Nerd Span | 18 September 2013 | Shannon Kopcsik

A zombie book without zombies could be the tagline for the young adult novel Zom-B by Darren Shan. I had been so excited for this book, with the idea of seeing the onset of a zombie apocalypse from the perspective of a teenager and their friends. I was sorely disappointed up until the last twenty pages of the book.

 

There are mentions of rumors of zombies attacking in seemingly far off countries and towns but for about 75 pages or so of the 120 page book, there are not really any actual zombies. I will own that there is a short story about a zombie from one of those far off countries at the very beginning that sets a frantic and violent standard for the book that is lost in the rest of the story up until the very end.

 

So if this book about zombies has hardly any zombies or interactions with zombies, what is it about? The story revolves around B who struggles with being a bully at school, an abusive father at home whom is teaching her how to be racist when she knows underneath being racist is wrong. B has a few disputes at school and at home that test her moral compass as well as her ability to and conviction to stand up for herself, which she often fails in favor of looking good to whoever she is with at the time.

 

This story could have been a great demonstration of racism in modern or a slightly futuristic society but instead the tale fall flat and I had to put the book down several times and come back to it a week or more later to be able to finish it. Darren Shan could have utilized the zombies and that setting, reminiscent of how The Walking Dead manages this commentary, to more artistically and smoothly illustrate the motives and tendencies towards or against racism but the opportunity is missed time and again through immature descriptions that talk down to the characters and the reader.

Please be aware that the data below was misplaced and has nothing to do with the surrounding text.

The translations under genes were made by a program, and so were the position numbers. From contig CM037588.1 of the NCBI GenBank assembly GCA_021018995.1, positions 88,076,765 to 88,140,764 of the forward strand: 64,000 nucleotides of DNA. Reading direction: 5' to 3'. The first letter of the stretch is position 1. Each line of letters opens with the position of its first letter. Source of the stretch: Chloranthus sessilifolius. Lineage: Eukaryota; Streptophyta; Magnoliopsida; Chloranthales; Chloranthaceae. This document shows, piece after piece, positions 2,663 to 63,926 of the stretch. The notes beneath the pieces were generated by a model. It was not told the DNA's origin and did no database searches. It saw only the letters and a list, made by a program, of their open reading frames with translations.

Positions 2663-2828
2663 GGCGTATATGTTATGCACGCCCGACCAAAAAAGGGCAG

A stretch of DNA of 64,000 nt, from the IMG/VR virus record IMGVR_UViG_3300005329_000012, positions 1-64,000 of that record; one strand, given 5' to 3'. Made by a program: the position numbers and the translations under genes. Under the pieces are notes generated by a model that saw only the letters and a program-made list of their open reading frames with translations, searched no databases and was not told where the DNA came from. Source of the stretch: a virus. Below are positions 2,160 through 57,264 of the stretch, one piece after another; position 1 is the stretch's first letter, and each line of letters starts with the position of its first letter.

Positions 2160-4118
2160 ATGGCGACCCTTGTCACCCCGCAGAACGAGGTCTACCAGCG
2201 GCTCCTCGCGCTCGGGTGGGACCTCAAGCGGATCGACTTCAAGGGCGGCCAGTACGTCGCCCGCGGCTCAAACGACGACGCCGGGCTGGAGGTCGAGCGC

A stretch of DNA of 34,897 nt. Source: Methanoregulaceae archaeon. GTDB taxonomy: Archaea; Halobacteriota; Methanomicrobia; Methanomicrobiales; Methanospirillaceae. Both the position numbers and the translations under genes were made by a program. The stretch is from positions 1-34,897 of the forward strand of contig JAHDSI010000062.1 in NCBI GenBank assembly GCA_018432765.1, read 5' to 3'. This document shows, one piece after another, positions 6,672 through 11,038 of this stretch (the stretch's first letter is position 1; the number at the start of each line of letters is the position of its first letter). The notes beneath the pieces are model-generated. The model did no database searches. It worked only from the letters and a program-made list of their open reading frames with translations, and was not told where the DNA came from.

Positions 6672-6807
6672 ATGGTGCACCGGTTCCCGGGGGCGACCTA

I am glad however that I did eventually get through the book because the last fifteen to twenty pages really popped and I looked back wondering why the rest of the book couldn’t have held that excitement, character development and bloody gory messes, because let’s be real here, that was why I picked up the book to begin with. Interestingly, I think that the author was trying to build a suspenseful new zombie mythos with zombies controlling other zombies. The problem is that the mythology was never fleshed out and the brief encounter the reader has with the information and descriptions is only enough to leave them confused and questioning the rest of the preceding story but not enough to be intriguing or motivating.

 

I do not recommend this book and wish I had not spent my brain power and time trying to like the story or any of the characters. Even though a small part of me wants to know the story behind Darren Shan’s Zom-B mythology, I will not be reading any of the rest of the series to learn more. I was sorely disappointed and had to watch some Zombieland movie action to make up for the lack of excitement, but hey I seem to be the minority if you look at the reviews elsewhere online, so take my zombie loving opinion as you will. I say find another zombie book to feed your brain’s bloody cravings as this one will leave you with a bad taste and still hungry.

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